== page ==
Several studies over the years have demonstrated a curious paradox:
People with more osteoporosis (thin bones) tend to be more likely to have coronary disease (heart attacks). They also tend to have higher heart scan scores (more coronary calcification as an index of atherosclerotic plaque).
People with more coronary disease and higher heart scan scores tend to have more osteoporosis.
In other words, regardless of which way you tackle the question--osteoporosis first or heart disease first--it leads to the same conclusion: Both conditions are somehow related.
I realize I harp an awful lot on this whole vitamin D issue. But, even after correcting the vitamin D blood levels of many hundreds of people, I remain enthusiastic as ever about the untapped potential of this fascinating factor.
So I couldn't resist showing this amazing comparison of how the long-term effect can be quite graphic.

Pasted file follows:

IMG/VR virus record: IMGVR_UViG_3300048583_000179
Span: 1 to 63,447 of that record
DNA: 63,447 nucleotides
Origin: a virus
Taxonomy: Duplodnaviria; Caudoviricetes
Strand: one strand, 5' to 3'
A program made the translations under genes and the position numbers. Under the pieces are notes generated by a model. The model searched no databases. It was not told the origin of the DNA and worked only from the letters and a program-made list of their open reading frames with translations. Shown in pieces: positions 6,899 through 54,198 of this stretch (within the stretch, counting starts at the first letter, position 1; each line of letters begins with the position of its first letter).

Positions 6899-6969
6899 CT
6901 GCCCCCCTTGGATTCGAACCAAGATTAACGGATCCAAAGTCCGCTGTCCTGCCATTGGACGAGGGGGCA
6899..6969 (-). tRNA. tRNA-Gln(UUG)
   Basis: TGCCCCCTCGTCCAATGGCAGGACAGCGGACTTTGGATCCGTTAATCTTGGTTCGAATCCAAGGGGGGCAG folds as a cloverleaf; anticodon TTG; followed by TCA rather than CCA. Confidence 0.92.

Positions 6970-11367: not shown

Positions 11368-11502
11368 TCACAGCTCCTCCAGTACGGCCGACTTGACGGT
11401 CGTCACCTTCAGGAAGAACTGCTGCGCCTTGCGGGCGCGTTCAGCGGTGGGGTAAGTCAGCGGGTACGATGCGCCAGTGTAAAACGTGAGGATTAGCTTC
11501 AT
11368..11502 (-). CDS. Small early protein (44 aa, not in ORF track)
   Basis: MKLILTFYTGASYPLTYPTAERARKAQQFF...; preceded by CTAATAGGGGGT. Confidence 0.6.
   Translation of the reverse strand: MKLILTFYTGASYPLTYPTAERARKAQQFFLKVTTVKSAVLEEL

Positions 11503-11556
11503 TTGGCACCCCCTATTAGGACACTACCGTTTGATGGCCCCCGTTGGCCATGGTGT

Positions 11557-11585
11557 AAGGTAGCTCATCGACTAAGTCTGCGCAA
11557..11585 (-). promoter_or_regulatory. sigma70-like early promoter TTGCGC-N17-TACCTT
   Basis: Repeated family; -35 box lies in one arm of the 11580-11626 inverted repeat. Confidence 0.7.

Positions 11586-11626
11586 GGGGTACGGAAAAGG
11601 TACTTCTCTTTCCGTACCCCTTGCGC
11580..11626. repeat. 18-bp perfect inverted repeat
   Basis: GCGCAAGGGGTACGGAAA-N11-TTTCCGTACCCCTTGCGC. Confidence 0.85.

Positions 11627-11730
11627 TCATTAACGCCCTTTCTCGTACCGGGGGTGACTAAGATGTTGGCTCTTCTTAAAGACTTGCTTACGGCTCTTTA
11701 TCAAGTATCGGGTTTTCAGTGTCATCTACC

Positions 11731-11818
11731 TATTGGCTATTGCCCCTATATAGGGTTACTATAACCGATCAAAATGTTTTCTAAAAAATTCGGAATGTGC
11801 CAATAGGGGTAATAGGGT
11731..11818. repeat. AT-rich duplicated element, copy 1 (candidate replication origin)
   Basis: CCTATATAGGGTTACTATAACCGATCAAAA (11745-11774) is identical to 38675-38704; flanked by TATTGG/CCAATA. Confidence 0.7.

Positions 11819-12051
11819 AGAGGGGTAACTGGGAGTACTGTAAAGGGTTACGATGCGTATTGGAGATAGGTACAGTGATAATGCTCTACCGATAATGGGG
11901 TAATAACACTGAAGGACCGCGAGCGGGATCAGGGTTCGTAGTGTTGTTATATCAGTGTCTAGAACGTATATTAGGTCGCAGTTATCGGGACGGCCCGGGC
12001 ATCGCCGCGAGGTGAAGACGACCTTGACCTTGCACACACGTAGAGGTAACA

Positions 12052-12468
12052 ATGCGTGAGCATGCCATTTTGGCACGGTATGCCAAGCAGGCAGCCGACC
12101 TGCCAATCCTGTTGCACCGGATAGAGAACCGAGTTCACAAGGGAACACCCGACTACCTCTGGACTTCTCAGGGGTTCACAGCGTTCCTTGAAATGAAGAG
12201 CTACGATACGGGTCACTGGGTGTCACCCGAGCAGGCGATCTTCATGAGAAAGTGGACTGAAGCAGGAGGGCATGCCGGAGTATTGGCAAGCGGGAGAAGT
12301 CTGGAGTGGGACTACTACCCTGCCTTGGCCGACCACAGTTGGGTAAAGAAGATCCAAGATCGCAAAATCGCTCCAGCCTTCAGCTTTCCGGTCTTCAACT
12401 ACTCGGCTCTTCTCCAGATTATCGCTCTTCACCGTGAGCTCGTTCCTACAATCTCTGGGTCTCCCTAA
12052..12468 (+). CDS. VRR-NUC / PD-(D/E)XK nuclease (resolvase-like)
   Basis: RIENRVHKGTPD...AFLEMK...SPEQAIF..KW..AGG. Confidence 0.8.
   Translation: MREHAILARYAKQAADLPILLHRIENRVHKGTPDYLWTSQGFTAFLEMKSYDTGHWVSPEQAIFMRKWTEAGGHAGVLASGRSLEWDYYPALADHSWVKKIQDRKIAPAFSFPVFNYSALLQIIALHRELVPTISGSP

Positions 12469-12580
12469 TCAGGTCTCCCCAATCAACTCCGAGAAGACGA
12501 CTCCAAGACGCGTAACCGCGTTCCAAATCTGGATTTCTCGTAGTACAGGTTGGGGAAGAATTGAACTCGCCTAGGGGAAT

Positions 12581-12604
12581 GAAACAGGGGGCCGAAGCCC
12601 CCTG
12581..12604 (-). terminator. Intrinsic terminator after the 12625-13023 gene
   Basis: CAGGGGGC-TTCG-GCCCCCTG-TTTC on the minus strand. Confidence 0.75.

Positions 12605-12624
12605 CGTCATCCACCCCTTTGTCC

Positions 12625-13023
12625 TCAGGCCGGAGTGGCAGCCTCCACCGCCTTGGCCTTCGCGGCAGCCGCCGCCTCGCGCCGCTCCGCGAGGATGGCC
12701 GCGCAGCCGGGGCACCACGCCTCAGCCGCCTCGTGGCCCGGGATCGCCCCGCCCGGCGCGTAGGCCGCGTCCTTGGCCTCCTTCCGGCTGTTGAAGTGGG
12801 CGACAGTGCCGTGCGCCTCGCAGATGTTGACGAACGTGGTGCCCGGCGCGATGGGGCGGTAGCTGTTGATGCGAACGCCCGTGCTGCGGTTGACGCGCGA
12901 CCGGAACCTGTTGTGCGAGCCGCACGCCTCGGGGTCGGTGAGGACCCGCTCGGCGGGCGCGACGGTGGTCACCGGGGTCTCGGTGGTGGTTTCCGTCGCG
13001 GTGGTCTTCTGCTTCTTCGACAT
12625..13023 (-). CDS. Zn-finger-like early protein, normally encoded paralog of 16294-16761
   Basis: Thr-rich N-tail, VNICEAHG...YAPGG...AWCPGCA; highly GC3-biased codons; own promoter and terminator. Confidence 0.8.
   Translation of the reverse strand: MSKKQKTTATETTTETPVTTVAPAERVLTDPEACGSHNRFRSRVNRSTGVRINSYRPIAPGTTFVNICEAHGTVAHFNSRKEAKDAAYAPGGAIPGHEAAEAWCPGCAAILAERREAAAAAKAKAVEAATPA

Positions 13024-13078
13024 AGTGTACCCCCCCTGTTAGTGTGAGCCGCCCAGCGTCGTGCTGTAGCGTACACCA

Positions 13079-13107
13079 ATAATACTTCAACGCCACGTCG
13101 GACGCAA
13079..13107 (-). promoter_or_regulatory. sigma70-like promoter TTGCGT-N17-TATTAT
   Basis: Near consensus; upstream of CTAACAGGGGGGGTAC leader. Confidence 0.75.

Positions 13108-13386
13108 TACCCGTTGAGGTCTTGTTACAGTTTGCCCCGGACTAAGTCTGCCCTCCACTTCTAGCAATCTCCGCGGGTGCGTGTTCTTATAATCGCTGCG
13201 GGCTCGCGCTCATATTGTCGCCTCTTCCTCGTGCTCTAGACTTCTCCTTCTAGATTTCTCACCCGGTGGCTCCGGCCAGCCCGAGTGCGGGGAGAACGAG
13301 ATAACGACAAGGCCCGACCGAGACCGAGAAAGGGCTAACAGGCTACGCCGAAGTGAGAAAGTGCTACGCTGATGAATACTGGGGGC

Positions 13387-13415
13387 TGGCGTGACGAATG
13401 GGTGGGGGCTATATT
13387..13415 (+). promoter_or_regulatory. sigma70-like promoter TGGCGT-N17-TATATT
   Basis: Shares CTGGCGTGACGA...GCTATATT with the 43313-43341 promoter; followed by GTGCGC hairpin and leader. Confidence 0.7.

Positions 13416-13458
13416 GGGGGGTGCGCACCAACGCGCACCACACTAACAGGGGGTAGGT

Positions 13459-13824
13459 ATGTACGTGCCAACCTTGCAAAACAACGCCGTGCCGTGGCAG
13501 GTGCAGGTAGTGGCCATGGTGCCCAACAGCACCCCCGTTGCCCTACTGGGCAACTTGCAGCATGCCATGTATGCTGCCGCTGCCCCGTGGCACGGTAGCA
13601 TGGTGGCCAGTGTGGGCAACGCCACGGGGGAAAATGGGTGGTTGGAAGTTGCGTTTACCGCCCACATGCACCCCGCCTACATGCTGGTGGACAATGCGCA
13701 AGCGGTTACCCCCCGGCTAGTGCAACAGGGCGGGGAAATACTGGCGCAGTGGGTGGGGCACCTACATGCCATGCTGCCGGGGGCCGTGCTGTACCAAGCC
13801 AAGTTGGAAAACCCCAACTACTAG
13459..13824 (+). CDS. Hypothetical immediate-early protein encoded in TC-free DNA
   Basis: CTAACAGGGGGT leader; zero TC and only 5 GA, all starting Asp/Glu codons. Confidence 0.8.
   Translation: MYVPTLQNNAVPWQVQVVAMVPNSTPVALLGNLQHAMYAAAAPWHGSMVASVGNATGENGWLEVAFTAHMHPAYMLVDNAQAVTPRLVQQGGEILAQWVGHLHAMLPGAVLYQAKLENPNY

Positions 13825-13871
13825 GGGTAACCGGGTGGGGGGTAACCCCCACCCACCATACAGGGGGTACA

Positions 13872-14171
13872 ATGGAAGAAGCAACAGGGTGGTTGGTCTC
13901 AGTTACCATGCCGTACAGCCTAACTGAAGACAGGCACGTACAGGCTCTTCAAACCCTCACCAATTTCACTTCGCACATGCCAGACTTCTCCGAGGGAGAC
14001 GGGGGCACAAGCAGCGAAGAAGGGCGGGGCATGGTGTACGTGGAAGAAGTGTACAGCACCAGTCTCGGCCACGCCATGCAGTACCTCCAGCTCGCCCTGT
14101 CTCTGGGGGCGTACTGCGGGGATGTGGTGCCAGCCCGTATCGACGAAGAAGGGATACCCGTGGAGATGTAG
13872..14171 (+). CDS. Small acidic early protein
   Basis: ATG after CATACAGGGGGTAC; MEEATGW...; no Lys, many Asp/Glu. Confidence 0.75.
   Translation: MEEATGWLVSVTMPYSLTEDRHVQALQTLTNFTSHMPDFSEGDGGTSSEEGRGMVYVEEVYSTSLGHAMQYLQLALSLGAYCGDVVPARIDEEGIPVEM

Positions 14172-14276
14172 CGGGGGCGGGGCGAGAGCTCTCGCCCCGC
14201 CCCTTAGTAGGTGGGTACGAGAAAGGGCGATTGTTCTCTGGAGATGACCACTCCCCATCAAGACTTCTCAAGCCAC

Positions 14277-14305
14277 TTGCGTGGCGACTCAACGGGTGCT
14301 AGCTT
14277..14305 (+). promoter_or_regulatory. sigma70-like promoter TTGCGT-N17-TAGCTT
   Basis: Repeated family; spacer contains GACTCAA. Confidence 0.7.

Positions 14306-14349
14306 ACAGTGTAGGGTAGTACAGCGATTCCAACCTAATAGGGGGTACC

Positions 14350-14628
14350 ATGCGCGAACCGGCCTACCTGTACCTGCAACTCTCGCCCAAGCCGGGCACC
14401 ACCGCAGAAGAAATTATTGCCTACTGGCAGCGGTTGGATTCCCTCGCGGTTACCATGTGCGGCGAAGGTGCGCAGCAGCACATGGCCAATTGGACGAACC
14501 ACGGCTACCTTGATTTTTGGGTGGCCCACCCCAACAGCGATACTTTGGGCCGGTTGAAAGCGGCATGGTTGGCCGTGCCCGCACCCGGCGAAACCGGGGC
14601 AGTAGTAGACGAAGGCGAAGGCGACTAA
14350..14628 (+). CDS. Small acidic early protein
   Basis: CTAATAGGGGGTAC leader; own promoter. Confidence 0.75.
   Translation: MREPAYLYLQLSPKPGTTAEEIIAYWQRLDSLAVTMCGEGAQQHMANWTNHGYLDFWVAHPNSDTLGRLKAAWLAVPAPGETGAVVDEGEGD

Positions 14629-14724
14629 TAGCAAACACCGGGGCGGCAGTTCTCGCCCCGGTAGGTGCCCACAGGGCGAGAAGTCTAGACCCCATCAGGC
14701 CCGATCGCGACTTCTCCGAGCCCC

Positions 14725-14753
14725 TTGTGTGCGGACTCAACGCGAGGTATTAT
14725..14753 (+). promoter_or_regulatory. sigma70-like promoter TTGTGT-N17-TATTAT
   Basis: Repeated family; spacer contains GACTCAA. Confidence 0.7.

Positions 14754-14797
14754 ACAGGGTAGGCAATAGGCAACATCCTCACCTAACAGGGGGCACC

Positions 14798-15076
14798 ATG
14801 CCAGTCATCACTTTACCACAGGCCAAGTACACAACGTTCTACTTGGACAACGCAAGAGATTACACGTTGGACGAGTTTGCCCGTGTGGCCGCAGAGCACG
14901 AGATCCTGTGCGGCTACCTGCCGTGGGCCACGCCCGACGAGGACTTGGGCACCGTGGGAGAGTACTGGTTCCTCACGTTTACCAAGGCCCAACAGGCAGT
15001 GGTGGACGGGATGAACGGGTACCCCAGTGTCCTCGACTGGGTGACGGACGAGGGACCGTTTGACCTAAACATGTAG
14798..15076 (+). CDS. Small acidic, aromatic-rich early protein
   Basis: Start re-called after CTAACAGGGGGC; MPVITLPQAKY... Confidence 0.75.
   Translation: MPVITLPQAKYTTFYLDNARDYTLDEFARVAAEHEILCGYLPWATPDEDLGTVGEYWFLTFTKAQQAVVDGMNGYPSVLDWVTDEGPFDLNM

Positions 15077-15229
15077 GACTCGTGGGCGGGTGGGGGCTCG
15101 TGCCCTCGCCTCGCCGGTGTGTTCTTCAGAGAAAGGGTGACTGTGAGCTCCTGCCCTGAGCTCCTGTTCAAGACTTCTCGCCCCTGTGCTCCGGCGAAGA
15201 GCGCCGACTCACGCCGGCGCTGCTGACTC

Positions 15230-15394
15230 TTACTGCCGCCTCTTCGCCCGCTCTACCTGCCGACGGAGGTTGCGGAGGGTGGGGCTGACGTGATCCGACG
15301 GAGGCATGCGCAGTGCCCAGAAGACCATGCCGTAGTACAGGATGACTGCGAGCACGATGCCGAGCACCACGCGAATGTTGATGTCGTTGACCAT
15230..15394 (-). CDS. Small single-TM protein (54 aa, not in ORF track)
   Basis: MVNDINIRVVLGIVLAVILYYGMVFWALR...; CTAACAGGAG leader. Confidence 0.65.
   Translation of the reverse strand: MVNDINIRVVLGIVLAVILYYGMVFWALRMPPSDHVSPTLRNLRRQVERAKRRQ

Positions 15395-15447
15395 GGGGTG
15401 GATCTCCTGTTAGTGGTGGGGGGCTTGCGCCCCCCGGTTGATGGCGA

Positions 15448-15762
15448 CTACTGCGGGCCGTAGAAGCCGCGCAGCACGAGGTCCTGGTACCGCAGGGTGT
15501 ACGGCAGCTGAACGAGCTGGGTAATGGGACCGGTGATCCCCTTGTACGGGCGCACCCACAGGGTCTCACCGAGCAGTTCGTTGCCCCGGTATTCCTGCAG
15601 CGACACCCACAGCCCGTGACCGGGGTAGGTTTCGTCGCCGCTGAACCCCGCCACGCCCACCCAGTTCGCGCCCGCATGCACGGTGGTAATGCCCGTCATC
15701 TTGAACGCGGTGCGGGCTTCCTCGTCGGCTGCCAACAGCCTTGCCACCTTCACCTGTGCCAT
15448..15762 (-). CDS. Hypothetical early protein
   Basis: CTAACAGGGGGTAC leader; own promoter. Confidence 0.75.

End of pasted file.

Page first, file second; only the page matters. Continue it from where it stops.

The first scan is from a 46-year old man and shows normal coronary arteries without calcium and normal density of the vertebra (a common and reliable place to measure bone density).
The second image is from a 79-year old man with both severe coronary calcification (and therefore severe coronary disease) and severe osteoporosis.
It makes you wonder if the disordered metabolism of calcium through vitamin D deficiency allows transport of calcium away from bone and into coronaries . This has, however, been shown to not be the case. Instead, they are separate processes, each under local control, but sharing a common pathophysiology (causative factors).
An intriguing question: Would the 79-year old still look like the 46-year old had he begun increasing his vitamin D intake at, say, age 30?